The Hill reports that Senate Democrats are urging Joe Biden to “speed up his process for picking a nominee to the Supreme Court.” It has been about three weeks since Justice Breyer announced he will retire. It took only a month to confirm Amy Coney Barrett.
Confirming Barrett was a matter of great urgency because Republicans were well on their way to losing control of the Senate. Democrats aren’t up against an election deadline yet — the midterms are almost nine months away — but they hold the Senate by only one seat, and Sen. Luján is out of action for health reasons, reportedly for four to six weeks.
With a majority this tenuous, it’s understandable that Senate Dems want to get on with confirming a replacement for Breyer. According to the Hill, they are also driven by a desire “to show forward momentum on a high-profile issue after they spent months working on Biden’s Build Back Better agenda and voting rights legislation — two issues dear to the party’s liberal base — and came back empty-handed.”
There’s another reason why Democrats should want Biden to give them a nominee very soon. The in-fighting taking place among backers of the three leading candidates for the nomination threatens to damage the reputation and/or standing of the eventual nominee.
Judge J. Michelle Childs has come under attack from organized labor for defending companies in labor and employment disputes (the horror!). Judge Leondra Kruger has been criticized, as somewhat moderate (the horror!), too “privileged,” and for losing badly in a religious freedom case she argued on behalf of the U.S. government before the Supreme Court (hey, it happens even to the best).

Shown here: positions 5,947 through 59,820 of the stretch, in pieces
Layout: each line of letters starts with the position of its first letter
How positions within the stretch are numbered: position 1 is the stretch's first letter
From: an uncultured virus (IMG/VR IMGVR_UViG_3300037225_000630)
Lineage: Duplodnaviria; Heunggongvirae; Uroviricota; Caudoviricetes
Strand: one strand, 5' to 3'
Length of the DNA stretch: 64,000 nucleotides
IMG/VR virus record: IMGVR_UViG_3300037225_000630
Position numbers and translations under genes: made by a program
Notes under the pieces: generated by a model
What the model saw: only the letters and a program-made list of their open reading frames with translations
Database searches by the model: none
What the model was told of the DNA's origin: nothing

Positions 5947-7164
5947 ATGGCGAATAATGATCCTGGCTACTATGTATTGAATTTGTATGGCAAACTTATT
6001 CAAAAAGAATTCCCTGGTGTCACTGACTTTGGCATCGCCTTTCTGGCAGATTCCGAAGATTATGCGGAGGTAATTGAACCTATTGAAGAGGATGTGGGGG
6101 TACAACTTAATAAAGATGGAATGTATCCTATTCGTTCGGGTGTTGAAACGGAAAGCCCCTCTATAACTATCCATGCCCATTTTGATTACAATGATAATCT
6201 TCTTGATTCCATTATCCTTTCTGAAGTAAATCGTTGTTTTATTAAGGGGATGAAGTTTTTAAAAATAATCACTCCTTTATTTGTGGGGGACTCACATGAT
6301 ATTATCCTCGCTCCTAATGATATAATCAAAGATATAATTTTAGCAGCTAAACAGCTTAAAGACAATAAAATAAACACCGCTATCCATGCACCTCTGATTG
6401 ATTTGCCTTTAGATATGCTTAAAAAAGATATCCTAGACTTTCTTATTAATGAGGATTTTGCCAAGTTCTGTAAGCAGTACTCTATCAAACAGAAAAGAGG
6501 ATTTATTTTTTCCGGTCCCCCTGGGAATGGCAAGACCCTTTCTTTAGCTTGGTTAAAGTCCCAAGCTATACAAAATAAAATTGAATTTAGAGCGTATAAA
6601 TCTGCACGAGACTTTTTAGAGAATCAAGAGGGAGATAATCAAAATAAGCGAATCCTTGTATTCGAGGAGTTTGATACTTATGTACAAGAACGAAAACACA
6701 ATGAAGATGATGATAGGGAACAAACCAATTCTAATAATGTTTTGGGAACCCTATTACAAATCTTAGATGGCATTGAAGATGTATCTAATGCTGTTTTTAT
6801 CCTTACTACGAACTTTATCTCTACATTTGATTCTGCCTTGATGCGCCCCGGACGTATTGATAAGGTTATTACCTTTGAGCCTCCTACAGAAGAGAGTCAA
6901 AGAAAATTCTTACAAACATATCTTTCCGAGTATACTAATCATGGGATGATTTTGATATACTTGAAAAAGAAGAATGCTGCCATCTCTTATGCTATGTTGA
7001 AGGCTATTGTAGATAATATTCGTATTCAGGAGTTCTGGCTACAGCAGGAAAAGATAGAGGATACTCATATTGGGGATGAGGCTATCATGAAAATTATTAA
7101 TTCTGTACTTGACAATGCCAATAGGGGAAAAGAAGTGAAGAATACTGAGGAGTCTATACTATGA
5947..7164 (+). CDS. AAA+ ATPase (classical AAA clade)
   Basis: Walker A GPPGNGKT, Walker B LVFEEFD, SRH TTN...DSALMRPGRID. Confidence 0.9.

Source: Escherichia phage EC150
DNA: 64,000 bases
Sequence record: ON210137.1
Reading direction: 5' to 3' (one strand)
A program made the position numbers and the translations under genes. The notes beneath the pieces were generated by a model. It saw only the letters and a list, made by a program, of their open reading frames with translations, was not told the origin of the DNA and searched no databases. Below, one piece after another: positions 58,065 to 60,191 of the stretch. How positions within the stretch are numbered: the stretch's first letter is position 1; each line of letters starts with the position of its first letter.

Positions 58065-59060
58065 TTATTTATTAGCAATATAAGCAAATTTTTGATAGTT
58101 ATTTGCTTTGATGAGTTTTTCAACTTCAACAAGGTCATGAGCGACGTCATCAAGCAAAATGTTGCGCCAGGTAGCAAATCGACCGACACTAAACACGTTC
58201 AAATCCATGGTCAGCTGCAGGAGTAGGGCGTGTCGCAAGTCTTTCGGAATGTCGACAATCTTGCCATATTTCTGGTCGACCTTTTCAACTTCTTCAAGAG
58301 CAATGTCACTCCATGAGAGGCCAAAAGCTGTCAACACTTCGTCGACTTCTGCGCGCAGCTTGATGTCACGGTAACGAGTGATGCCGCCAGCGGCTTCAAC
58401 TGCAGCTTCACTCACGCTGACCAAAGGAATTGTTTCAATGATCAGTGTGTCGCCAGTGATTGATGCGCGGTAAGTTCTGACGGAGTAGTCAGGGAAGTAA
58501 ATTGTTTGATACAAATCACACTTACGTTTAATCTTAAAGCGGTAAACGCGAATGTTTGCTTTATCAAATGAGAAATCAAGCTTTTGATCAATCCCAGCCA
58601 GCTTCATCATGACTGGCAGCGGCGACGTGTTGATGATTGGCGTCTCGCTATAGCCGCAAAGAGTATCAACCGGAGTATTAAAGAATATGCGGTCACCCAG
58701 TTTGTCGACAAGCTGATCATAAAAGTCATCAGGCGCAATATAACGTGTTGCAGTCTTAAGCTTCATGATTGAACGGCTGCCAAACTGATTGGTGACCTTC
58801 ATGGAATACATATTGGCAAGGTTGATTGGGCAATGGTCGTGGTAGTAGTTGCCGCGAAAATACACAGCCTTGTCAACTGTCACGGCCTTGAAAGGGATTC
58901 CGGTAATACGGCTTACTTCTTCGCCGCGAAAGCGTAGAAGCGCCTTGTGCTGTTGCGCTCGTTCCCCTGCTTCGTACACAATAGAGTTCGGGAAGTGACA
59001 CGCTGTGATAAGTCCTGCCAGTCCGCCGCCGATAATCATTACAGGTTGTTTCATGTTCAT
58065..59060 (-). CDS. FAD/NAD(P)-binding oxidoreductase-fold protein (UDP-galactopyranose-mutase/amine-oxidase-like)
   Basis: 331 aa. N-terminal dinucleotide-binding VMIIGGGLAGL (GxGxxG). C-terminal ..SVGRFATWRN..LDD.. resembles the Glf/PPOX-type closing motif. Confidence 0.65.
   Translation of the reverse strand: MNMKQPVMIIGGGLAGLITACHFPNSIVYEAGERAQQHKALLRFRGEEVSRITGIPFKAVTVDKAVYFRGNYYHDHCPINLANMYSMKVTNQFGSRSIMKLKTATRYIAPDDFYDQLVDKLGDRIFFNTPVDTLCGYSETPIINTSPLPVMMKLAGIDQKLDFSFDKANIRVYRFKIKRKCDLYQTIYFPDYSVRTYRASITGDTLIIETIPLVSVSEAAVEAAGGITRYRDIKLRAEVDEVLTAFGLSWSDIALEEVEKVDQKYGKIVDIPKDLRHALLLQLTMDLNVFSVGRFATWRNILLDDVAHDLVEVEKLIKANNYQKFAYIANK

Judge Ketanji Brown Jackson is now opposed by Alabama civil rights icon and former U.S. district judge U.W. Clemon. He criticizes her for rejecting a class action settlement in a case against Lockheed Martin.
Clemon is a partner in a firm involved in that case, so he is not a disinterested critic. Still, if Brown Jackson is the nominee, Clemons’ attack won’t do her any good.
The problem isn’t so much that these attacks will derail the nominee, whichever judge that is. Once there’s a nominee the Democrats, their interest groups, and the media will rally around her. And if Sen. Luján gets back in action, the Democrats will have the votes to confirm any of the three. I wouldn’t be surprised if the nominee gets a few Republican votes, as well.
The problem is that there will more bitterness than necessary and less enthusiasm than there could have been. Those who have dialed up attacks and those who took the attacks seriously will be more upset than if the nominee had been selected right away.
And even when confirmed, the new Justice will probably take the bench with a little less glow than otherwise would have been the case. The “forward momentum” the Democrats say they expect from finally winning something might not be all it could have been.
It’s true that the White House needs thoroughly to vet its nominee. The price of bad mistake in vetting far exceeds the price of the squabbling going on now.
But Breyer’s retirement didn’t come up of the blue, and the administration has always known that Joe Biden would have the opportunity to fill at least one seat on the Supreme Court before his term ends. The delay in selecting a nominee smacks more of indecision in the face of lobbying and a desire to please than of a need for more vetting.
If there’s more delay, it will be yet another sign, albeit a minor one, that Team Biden isn’t functioning well.